Review: The Lake Season by Hannah McKinnon

The Lake Season by Hannah McKinnon
The Lake Season by Hannah McKinnon

PSA: Crying in public is highly likely when reading this book.

I’ve been doing quite a bit of traveling recently, which meant I had plenty of time for reading! On my flight back home last week, pulled up The Lake Season by Hannah McKinnon on my Kindle. It was a fun read that powered me through multiple flight delays. If you’re looking for a summer or beach read, this is it.

On the surface Iris has the perfect life. She’s dedicated her life to her husband and their three children, but still manages to juggle her work as a literary agent. That is, until her husband requests a divorce. Reeling from the shock, she flees back to her parents’ lake home in idyllic New Hampshire. Instead of taking the time to figure out her broken marriage, responsible Iris becomes overshadowed by her flighty, yet charismatic younger sister Leah. Again. In the midst of dress fittings and working on her mother’s organic farm stand, Iris finds a new love, discovers Leah’s secret, and tackles her imperfect life head-on.

The Lake Season by Hannah McKinnon

At first I found Iris really whiny and annoying, but I warmed up to her quickly. She’s been raised with the unrelenting pressure of being the responsible sibling in light of her Leah’s escapades. Even as adults, Iris is still cleaning up after Leah. Sibling rivalry is tough (says me, the older sister). However, as a mother, I totally relate to Iris and the struggle to follow our personal dreams versus taking care of our children. McKinnon creates a very compelling character that I wanted so desperately to find happiness.

I totally cried when I read The Lake Season. While my plane was landing. I probably freaked out my fellow passengers. I’m not normally a crier when I read, so that’s my PSA for you.

Add The Lake Season to your summer reading list. You won’t be disappointed. And grab some tissues.



17 Sci-Fi Fantasy Books by Diverse Authors

17 Sci-Fi Fantasy Books by Diverse Authors via From Left to Write

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17 Sci-Fi Fantasy Books by Diverse Authors via From Left to Write

Last week at BookCon (the book conference for readers immediately following Book Expo America), I discovered a new to me list of sci-fi fantasy books! We Need Diverse Books presented the panel In Our World and Beyond, whose panelists discussed everything from the politics of science fiction to the importance of different points of views in these genres.

A point that resonated with me (and I wholly believe this) is that writing diverse characters in stories NOT about diversity needs to be the next movement.

Sci-fi fantasy books cemented my love of reading back in middle school. While I don’t read this genre as often as I used to, I don’t love it any less. After sitting through this panel discussion, I have lots of new sci-fi fantasy books added to my TBR list.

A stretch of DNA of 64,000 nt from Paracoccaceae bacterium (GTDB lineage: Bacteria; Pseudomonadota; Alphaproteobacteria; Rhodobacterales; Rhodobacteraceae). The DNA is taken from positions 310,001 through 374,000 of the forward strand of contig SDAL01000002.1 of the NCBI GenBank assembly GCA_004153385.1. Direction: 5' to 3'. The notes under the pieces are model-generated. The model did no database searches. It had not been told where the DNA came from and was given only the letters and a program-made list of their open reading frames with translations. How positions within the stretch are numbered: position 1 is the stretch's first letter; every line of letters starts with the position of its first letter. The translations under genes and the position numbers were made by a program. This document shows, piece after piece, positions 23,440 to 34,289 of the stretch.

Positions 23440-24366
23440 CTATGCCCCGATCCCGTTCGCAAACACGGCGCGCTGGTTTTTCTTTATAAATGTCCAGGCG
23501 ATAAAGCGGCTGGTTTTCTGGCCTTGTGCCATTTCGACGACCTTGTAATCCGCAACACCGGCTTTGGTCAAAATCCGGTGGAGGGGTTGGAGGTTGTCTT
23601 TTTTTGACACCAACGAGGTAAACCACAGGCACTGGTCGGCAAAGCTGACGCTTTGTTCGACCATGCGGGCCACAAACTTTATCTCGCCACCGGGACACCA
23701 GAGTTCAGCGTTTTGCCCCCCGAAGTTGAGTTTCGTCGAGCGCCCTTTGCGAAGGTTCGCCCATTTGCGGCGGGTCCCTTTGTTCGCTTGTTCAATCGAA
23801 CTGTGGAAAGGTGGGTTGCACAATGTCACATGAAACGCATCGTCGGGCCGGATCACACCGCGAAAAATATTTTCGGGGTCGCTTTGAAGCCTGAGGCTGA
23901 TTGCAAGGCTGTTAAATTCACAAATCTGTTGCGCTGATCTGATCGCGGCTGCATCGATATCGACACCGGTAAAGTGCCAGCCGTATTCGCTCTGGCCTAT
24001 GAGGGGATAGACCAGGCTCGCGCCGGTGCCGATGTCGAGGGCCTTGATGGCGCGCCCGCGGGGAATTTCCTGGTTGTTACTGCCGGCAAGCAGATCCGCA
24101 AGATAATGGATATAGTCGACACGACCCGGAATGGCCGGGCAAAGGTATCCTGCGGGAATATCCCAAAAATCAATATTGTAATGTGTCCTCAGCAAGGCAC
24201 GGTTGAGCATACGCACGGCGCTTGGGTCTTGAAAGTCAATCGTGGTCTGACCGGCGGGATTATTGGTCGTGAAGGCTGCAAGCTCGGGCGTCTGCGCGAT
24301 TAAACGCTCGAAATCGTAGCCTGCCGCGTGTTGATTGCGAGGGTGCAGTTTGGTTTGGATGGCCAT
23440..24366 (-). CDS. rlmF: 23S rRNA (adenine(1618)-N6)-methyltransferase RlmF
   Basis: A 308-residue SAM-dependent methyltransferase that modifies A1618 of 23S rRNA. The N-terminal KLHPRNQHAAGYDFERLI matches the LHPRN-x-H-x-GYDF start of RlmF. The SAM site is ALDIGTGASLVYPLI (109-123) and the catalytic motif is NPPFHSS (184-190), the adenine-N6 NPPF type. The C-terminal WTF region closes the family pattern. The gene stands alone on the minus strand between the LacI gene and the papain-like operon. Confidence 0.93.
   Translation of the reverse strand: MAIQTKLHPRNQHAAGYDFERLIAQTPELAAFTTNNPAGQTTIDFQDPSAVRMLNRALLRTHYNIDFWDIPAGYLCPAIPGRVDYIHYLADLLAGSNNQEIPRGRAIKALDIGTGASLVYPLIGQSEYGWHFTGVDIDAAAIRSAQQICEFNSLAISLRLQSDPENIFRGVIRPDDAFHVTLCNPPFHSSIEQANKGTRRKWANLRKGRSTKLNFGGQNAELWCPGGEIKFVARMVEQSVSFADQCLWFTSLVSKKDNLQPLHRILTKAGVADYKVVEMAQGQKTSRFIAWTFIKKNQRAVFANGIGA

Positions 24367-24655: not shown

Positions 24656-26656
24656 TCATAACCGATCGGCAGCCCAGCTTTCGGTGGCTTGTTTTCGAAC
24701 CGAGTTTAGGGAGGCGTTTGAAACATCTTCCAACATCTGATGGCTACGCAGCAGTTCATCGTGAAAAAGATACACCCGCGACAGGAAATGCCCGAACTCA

WNDB Sci-Fi Fantasy Panel at BookCon 2015

L-R: Miranda Paul, Daniel José Older, Kameron Hurley, Marieke Nijkamp, Ken Liu, Joe Monti, Nnedi Okorafor

While this list is just the books written by the panelists, there’s lots more diverse authors of sci-fi fantasy. Definitely not an inclusive list, but it’s a start!

Sci-Fi Fantasy Books by Diverse Authors

Nnedi Okorafor at BookCon 2015

Nnedi Okorafor

I’m going to start with Nnedi Okorafor because I bought her book The Book of the Phoenix immediately after the panel and finished it in two days. I would have finished it sooner but I had to work, sleep, and feed the kids. The novel’s storytelling is reminiscent of Nigerian oral tradition–which makes sense as that is Nnedi’s background. (I met her in person and she signed my copy, so I can call her by her first name, right?)

Described as magical futurism, The Book of the Phoenix tells us the origin of Phoenix, a genetically engineered organism bred to be a weapon. Like her mythological namesake, Phoenix has the ability to die and become reborn. She looks 40 years old but has only existed for 2 years, all of which she has been a prisoner of Tower 7. Soon she discovers the extent of her abilities and must struggle between being the savior for other SpeciMen like her and becoming the villain her creators feared she would become.

Phoenix is the “prequel” (it takes place hundreds of years before) to Nnedi Okorafor’s multiple award winning Who Fears Death. Guess what my next read will be?

Other books by Nnedi OkoraforAkata WitchThe Shadow SpeakerLagoon,

Daniel José Older

photo via website

Daniel José Older

I snagged an ARC (advance reader copy) of Shadowshaper by Daniel José Older, which drops June 30. While I don’t normally read YA, Daniel’s bluntness during the panel appealed to me. Plus he curses like a sailor–which is how I’d be if I didn’t have little kids running around me all day. Isn’t that a gorgeous cover?

In Shadowshaper, Sierra Santiago is young artist who discovers shadowshaping, ” a thrilling magic that infuses ancestral spirits into paintings, music, and stories.” But someone is hunting down all the shadowshapers and the killer is after Sierra for a family secret.